Ah, so green, right? So full of life!
Not so great in the grasslands, really. The green is a sign of nitrogen uptake, and this is the season of lichens…
They draw nitrogen from the air. The rain washes it off to plants, who soak it up all winter long, in special environments between and under the snow. Here’s one:
Or not. In a healthy grassland, we will see lichens under there, creating nitrogen for the sage that shades them like a hen, and for the flowers, like asters …
… that live off this nitrogen, the long season that sagebrush’s shelter gives, and that nitrogen. But now…
… there’s no lichen, only invasive cheatgrass taking up the nitrogen and starving out the asters and lilies. Without flowers, there are no songbirds. It’s not just the sage that’s struggling. The balsam root is too.
It looks so green and healthy, doesn’t it. Ah, but when plants need that nitrogen in the spring, it’s not there. Everyone on the hill is having this problem. In all of this, there’s one little patch of green lichens just below the centre of the image.
The rest is actually bare ground, the earth without a skin. There’s cheatgrass for a little while in the spring, but by July it’s gone and the Earth has no shelter from the sun. Without a lichen cover, there isn’t anywhere for seeds to lodge. Life just flows away. There’s nothing that climate change can throw at this hill that is worse than what has been done already. The landscape is already dying. It is already overheating. You are already looking at climate change. If it all burns away, or washes away, now, well, that’s because it has withstood that for 160 years already. Just remember: when the hills in the Okanagan are green, they are starving.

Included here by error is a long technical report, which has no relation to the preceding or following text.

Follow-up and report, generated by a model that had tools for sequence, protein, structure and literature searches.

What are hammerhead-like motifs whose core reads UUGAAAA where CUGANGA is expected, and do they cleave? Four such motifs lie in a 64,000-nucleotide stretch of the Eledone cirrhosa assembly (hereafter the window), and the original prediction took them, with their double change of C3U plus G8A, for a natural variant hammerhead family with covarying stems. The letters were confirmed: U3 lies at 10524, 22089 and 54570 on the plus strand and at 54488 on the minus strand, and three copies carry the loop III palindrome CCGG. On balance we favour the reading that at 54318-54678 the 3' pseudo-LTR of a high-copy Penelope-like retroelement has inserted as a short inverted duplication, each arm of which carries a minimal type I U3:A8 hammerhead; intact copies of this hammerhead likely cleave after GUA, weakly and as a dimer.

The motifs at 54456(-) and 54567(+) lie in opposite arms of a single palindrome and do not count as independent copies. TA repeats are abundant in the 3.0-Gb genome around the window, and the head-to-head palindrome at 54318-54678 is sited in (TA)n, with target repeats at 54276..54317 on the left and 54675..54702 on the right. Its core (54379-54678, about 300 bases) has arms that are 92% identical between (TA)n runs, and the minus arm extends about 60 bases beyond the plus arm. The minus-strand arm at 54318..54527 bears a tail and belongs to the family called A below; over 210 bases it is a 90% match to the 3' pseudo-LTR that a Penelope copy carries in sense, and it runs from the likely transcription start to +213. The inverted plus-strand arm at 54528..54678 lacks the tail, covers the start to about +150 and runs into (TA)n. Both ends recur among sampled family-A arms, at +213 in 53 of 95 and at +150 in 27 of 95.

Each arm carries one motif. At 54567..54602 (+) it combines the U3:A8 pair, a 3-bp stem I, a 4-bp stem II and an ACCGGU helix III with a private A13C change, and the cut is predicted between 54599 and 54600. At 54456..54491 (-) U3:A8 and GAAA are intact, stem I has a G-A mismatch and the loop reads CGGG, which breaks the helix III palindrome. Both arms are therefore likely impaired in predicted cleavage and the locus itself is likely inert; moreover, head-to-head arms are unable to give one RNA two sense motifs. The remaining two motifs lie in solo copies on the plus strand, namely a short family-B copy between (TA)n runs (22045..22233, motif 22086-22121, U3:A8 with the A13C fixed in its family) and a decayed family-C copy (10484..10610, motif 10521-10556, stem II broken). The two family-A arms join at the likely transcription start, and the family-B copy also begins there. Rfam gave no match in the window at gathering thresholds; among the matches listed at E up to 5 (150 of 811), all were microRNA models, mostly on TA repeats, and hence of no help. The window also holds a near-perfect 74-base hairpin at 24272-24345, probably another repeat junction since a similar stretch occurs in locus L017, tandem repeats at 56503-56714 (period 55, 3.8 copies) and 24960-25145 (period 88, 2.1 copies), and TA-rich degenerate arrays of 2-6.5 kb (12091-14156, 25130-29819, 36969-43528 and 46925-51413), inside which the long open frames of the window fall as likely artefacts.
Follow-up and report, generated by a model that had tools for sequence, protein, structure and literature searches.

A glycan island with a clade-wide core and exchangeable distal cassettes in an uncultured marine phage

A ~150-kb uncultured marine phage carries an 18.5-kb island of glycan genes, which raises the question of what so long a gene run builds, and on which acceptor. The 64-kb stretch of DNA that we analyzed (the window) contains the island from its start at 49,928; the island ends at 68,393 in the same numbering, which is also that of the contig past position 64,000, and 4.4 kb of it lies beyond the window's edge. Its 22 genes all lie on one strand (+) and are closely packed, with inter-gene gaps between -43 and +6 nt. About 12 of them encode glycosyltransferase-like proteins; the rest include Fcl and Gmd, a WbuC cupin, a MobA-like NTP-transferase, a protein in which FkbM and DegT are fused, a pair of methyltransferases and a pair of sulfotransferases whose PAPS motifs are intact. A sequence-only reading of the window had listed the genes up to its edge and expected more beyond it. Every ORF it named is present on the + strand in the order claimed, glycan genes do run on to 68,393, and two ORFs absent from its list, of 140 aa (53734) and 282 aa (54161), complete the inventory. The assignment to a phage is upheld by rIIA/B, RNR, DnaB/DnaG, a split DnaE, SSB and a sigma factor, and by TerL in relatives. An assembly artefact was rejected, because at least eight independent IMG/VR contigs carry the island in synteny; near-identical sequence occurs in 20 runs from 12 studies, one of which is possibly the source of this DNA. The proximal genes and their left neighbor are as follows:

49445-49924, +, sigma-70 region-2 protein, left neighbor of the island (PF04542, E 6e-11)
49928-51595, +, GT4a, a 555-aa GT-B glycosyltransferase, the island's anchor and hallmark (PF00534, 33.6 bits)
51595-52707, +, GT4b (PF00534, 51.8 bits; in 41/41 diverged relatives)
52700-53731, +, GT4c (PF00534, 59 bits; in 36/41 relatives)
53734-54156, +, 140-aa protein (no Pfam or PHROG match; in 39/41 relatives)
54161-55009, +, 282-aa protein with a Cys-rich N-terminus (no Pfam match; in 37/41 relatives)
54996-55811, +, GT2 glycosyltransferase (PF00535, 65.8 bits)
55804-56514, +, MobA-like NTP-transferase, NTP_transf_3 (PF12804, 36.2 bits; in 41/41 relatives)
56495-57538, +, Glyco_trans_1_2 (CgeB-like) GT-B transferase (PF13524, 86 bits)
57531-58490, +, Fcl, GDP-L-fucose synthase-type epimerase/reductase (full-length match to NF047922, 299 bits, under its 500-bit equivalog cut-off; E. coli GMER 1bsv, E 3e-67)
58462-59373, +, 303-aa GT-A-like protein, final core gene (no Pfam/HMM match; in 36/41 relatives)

Appearances are deceiving. But you knew that, didn’t you?
Categories: Atmosphere, Earth, Endangered species, Erosion, Ethics, Gaia, Global Warming, Grasslands, green technology, invasive species
I’m not a forester. However, I once noticed that the red alder trees had relatively little lichen on them near Vancouver, but more as you went up the Fraser Valley until in some places they were almost “white” with lichens. My forester friend told me that the air pollution in urban Vancouver and suburbs prevented (destroyed?) lichen growth.
What I’ve spotted “up here” (Telkwa/Quick) is that when patch logging is done with all the evergreens removed and most of the aspen, the soil gets terribly droughty. When I visited a horse-logging site that was done with only selected trees cut, the moss/lichen/undergrowth stayed damp and spongy after logging.
Thanks! I will keep my eyes out for all that. Lichen does love the shade when it’s on trees. Same as moss, perhaps: when the leaves fall, the light is all theirs, and in the meantime it’s wet.